Office Landlords Increasingly Taking a Leaf from Residential Real Estate by ‘Staging’ Smaller Units to Appeal to Growth Tenants

Landlords use office ‘staging’ to fill pockets of vacancy within their portfolio

Toronto – February 7, 2017 – Most are familiar with the concept of ‘staging’ when it comes to residential real estate; the practice of strategically furnishing and designing a home to increase its appeal to potential buyers. Office landlords are now increasingly adopting the practice by staging office spaces to attract SME and growth tenants to their portfolios. According to CBRE Limited’s (‘CBRE’) report, Office Staging: Commercial real estate takes a page from residential real estate’s playbook, office landlords are building out empty floor plates with meeting rooms, kitchens, a mix of office and open work areas, and functional reception areas to allow business owners to quickly visualize their business in the space. Additionally, it eliminates the need and the additional associated risks of designing and fitting out office space from scratch.

“First impressions in real estate – residential and commercial – are key in selling a potential occupier on a space. For office landlords, compared to the alternative of simply presenting a tired or empty floor plate, office ‘staging’ allows a potential tenant to easily visualize their business in the built-out space and picture their operation’s future success. Much like a person looking around a staged home can picture their family living and growing there,” commented Werner Dietl, Executive Vice President and GTA Regional Managing Director of CBRE Canada. “However, unlike residential staging where once a showing concludes, the furnishing is removed, the office staging remains intact even after the tenant moves into the space. In fact, it’s an attractive selling point as these staged offices are geared towards small businesses that are focused on growing and don’t have the expertise or time to facilitate building out a functioning and flexible office space.”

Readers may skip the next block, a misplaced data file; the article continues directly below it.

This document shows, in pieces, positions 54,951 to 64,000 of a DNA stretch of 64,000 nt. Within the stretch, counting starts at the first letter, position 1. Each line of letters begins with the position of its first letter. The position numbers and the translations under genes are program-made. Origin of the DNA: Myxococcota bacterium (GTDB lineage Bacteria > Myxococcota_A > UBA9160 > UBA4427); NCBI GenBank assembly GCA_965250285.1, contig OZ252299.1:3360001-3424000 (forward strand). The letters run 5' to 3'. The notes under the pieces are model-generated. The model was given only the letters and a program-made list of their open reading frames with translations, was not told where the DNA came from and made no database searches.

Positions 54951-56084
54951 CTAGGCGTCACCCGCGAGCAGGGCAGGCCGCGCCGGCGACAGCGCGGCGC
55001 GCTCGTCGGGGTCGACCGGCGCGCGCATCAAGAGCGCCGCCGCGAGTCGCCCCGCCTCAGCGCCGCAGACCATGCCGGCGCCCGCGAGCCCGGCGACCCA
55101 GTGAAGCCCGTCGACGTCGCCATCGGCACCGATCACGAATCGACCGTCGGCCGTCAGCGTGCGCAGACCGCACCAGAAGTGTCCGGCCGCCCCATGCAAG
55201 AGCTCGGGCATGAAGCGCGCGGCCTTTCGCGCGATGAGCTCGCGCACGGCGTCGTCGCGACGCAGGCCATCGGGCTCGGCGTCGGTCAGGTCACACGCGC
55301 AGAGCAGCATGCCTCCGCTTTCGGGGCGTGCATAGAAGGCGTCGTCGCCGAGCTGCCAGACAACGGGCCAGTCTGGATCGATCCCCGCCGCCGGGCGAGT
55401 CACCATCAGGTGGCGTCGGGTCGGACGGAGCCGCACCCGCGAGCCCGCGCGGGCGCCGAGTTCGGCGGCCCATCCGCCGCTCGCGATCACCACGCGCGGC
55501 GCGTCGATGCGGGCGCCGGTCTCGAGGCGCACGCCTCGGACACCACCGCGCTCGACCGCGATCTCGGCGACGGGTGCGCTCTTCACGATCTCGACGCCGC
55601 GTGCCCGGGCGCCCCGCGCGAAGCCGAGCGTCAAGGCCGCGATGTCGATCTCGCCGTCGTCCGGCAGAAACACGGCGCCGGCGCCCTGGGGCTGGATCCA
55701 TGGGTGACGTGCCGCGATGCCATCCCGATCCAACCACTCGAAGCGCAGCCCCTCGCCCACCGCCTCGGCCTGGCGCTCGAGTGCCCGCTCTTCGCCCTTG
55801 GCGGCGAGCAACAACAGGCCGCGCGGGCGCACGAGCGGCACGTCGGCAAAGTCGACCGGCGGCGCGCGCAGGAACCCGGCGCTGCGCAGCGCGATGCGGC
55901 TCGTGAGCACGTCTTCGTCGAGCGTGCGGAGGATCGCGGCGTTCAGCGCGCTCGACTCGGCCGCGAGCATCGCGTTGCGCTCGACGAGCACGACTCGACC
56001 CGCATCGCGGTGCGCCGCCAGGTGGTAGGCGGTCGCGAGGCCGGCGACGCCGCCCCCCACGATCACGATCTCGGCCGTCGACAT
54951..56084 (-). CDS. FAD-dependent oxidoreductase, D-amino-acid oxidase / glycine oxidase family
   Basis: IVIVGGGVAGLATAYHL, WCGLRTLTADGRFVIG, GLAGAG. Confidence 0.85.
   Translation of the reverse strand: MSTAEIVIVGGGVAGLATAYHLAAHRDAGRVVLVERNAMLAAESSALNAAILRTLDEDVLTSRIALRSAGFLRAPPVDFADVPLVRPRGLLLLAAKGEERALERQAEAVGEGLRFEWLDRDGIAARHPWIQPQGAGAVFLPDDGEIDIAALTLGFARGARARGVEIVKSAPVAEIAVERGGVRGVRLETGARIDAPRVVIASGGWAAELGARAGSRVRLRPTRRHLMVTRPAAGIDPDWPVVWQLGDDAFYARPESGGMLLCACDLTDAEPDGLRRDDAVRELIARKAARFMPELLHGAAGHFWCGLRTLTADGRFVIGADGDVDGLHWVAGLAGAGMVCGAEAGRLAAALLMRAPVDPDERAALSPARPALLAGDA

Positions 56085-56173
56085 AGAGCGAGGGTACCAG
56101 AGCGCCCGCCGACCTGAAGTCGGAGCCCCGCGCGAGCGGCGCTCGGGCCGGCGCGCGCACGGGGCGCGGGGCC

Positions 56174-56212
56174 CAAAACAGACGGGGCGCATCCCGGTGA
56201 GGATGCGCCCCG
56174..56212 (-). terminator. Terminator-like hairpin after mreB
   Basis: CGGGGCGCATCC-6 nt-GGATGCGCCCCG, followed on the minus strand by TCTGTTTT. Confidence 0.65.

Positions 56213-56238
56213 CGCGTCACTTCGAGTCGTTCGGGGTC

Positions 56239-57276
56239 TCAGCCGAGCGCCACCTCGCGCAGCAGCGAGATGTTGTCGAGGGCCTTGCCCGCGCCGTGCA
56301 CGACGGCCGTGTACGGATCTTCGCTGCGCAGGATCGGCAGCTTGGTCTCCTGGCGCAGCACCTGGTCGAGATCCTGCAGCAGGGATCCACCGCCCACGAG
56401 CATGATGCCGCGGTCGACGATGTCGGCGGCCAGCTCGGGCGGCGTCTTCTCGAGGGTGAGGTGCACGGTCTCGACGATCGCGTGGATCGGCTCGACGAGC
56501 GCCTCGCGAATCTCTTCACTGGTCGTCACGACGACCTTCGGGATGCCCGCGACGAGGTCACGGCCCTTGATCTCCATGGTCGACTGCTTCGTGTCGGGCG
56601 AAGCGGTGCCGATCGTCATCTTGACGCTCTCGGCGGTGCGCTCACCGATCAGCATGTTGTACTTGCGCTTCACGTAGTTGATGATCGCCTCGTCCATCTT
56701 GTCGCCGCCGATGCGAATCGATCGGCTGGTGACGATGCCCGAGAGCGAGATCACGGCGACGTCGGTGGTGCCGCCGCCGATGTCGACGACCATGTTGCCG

Office staging is a growing trend among landlords as they look to not only attract new tenants but also fill pockets of vacancy within their portfolio. Typically ranging from 1,000 to 5,000 sq. ft., these smaller, staged units have shorter lease terms and are leased at a premium to offset the landlord’s capital investment. “Considering how nearly 90 per cent of businesses in Canada employ between one and 19 people, it’s no surprise staged offices are growing in popularity, vying for businesses that have grown out of their co-working space phase,” added Dietl.

The natural progression of many growing companies today begins at incubators and co-working spaces, where leasing commitments are flexible and range from as little as an hour in occupancy. However, as CBRE’s report found, when companies grow past more than three employees, more permanent and cost-effective solutions are necessary.

Much of the office staging is performed in ‘term spaces’, where larger tenants have first right of refusal on vacant space. Staging the office allows for shorter term leasing to small businesses, de-risking landlords’ relationship with larger tenants and building new ones with growth tenants. In addition, landlords of Class B and C properties can stage office spaces and better compete with new builds by offering tenants modern amenities and layouts.

“For landlords, having growth tenants occupy these built-out spaces is a long-term play. Canada’s start-up scene has exploded in the past few years. We’ve seen the likes of Shopify and Hootsuite breakout and gain international prominence. Such organizations, when they expand and require more real estate to operate, can graduate from staged spaces to traditional office spaces, and the landlord has the opportunity to grow the company within its own portfolio,” concluded Dietl.

For further insights and commentary, download CBRE’s Office Staging: Commercial real estate takes a page from residential real estate’s playbook report.

About CBRE Group, Inc.
CBRE Group, Inc. (NYSE:CBG), a Fortune 500 and S&P 500 company headquartered in Los Angeles, is the world’s largest commercial real estate services and investment firm (based on 2015 revenue).  The Company has more than 70,000 employees (excluding affiliates), and serves real estate investors and occupiers through more than 400 offices (excluding affiliates) worldwide.  CBRE offers a broad range of integrated services, including facilities, transaction and project management; property management; investment management; appraisal and valuation; property leasing; strategic consulting; property sales; mortgage services and development services.  Please visit our website at www.cbre.com.

In Canada, CBRE Limited employs approximately 1,885 people in 20 locations from coast to coast. Please visit our website at www.cbre.ca.